One of the most frustrating things that happens in a person’s spiritual journey, is the way well intentioned disciplines become stale and empty. Spiritual practices are important and the discipline it takes to spend time daily in prayer, meditation, contemplative practices, kundalini, etc. help to provide a path to connect with the sacred and help us find our rhythm. There is a pattern in my life that seems to emerge. After a time of great insight, depth, and even elation after having started these spiritual practices on a regular basis, there inevitably comes a ‘dry spell’. It’s like a plateau of sorts. It isn’t that the spiritual practices are no longer helpful or beneficial. It’s just with any sort of discipline, there are exciting times with profound insight and then there are the necessary times that while they seem dry and rote, are actually still just as beneficial.
The problem here is that we are emotional beings. If you are saying to yourself, “I’m not that emotional”, you’re fooling yourself. We are all moved when we are touched on a heart level. So as emotional beings, when we feel our spiritual practices are growing stale, we want to do something to bring the life back. Unfortunately, the answer to this dilemma given by spiritual mentors, guides, and pastors is often… “spend more time in _________________”. Fill in the blank. More time in prayer. More time in solitude. More time in yoga. More time in whatever it is you rely on for a spiritual practice. Unfortunately this advice can actually cripple our spiritual progress. We are told to do the very thing that is feeling ‘lifeless’ to us. So we push on, spending more time than may actually be beneficial to us in a spiritual practice that feels lifeless. Then we quickly grow to despise the very practice that we first adopted in an effort to grow our hearts. Eventually we abandon the spiritual practice all together and declare them useless, lifeless, and a waste of time. Or we determine that we’ve ‘outgrown’ that particular practice, all the while we know that’s not really the case.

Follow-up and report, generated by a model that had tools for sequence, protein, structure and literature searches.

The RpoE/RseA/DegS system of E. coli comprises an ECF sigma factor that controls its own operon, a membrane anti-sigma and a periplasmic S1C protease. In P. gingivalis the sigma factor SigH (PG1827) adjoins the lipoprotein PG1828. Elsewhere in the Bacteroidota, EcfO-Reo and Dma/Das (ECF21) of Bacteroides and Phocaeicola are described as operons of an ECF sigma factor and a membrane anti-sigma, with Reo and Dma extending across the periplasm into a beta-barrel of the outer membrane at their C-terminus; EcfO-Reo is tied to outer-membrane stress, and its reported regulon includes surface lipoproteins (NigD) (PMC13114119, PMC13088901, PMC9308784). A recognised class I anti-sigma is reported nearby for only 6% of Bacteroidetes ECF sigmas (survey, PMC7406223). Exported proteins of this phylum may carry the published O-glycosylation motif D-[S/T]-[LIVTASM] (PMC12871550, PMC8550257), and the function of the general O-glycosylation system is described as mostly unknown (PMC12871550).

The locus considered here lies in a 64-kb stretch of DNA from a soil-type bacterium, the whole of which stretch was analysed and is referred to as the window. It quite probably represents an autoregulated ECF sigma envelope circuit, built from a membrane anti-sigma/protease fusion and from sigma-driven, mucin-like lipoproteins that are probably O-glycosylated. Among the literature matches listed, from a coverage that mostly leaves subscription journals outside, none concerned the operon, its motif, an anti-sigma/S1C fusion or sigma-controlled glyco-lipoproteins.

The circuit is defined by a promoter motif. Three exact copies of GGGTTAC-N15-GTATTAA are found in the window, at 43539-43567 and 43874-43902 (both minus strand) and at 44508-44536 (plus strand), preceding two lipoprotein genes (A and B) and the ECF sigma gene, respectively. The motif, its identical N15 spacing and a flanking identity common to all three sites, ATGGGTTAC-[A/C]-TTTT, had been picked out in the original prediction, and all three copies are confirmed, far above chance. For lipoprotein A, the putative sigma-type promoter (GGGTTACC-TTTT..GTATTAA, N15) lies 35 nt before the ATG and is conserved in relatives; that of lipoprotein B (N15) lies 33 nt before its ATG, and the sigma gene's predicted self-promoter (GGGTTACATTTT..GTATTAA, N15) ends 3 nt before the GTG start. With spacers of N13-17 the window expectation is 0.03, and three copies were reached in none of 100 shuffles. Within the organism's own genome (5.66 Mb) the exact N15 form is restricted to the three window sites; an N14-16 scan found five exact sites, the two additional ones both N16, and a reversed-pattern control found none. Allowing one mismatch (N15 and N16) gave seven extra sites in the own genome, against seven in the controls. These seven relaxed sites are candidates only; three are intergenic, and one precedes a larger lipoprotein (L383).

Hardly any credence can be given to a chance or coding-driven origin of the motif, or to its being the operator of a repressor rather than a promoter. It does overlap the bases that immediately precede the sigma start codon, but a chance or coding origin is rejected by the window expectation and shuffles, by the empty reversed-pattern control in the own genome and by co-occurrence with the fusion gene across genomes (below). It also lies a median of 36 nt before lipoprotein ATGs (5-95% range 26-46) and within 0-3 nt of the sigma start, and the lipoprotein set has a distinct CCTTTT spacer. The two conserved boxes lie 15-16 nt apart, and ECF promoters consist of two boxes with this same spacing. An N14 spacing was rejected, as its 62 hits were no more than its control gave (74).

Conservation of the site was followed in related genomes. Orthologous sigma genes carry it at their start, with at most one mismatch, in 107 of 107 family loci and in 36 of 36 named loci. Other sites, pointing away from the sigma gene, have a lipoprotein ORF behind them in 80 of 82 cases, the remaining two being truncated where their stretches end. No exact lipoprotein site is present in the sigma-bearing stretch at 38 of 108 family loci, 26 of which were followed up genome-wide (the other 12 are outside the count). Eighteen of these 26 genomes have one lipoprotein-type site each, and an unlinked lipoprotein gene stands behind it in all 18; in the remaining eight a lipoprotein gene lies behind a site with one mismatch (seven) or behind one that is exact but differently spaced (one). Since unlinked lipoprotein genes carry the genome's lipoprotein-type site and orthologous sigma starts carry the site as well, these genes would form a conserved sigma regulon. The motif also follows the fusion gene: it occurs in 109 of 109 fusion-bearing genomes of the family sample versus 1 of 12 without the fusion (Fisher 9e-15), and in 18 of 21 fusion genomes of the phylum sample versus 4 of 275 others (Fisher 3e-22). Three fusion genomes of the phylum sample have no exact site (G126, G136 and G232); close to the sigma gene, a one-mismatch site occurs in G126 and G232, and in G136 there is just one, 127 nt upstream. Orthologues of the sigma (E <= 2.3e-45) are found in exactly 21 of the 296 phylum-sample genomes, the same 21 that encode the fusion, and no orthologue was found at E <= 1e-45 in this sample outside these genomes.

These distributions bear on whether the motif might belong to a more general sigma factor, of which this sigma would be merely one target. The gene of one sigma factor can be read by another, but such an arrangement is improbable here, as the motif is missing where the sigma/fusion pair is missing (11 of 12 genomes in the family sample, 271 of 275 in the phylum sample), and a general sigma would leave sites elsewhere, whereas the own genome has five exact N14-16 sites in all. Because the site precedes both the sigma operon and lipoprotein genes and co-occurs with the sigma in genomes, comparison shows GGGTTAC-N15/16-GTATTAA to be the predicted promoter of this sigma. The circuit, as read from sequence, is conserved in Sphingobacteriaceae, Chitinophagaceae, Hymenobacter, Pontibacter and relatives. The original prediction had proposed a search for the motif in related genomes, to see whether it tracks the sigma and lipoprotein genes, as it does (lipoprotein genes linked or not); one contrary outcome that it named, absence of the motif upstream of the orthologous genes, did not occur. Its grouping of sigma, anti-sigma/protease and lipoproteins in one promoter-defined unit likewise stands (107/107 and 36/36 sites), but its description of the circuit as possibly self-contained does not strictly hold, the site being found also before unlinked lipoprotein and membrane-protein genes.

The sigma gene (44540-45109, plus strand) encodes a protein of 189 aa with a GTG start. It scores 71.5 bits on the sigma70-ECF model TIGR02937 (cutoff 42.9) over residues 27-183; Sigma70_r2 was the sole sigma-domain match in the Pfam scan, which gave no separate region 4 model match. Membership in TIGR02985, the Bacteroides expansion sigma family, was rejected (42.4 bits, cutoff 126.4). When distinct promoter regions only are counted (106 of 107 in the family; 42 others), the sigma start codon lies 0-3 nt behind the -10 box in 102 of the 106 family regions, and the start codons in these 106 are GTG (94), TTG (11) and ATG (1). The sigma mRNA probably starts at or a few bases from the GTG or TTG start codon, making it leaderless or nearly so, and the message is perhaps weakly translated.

During one of these dry spells in my own life, I connected with a distant mentor. In casual conversation this person asked me a simple question. “Brad, what is it that makes you feel the most alive when you do it?” I had to stop and think. I had to sit with that question for quite some time. But then I knew. Riding horses. Something I had done since I was a child, but hadn’t made happen in a long time. I made a call to a friend, set up a few rides, and I just let go and enjoyed everyone of the rides. I can’t tell you how connected I feel to the Divine when I’m riding a strong horse in the early morning while the dew is still on the ground. Nothing else matters and I feel as tied to the Divine as ever. I feel connected to my highest self and it isn’t work or effort. It just happens.
So here’s my advice to you. Do those things that make you come alive. Do those things that make you feel closest to The Source. What is it that when you do it you feel the presence of the Divine in your life? Maybe it’s hiking. Maybe it’s camping. Or reading a book. Or watching a movie. Or painting. Or running. Or flying. Or competing in a sport. Or playing an instrument. What is it that when you do it, you feel connected to yourself, the Divine, and all of creation?
Whatever it is that you need to do, don’t put it off. Tap into it today. Pursue those things that make you feel alive. Pursue those things that seem to make time fly as you participate in them. Pursue those things that shake the rust and dust from your heart because of the thrill and peace that comes with doing them. All the while, not giving up your spiritual practice. Then you will see for yourself how you are transformed during these ‘dry’ times.
So what makes you come alive? What is it that when you do it, you absolutely feel connected to something larger than yourself? Now either drop what you’re doing right now and pursue it, or schedule it into your next 2 days immediately.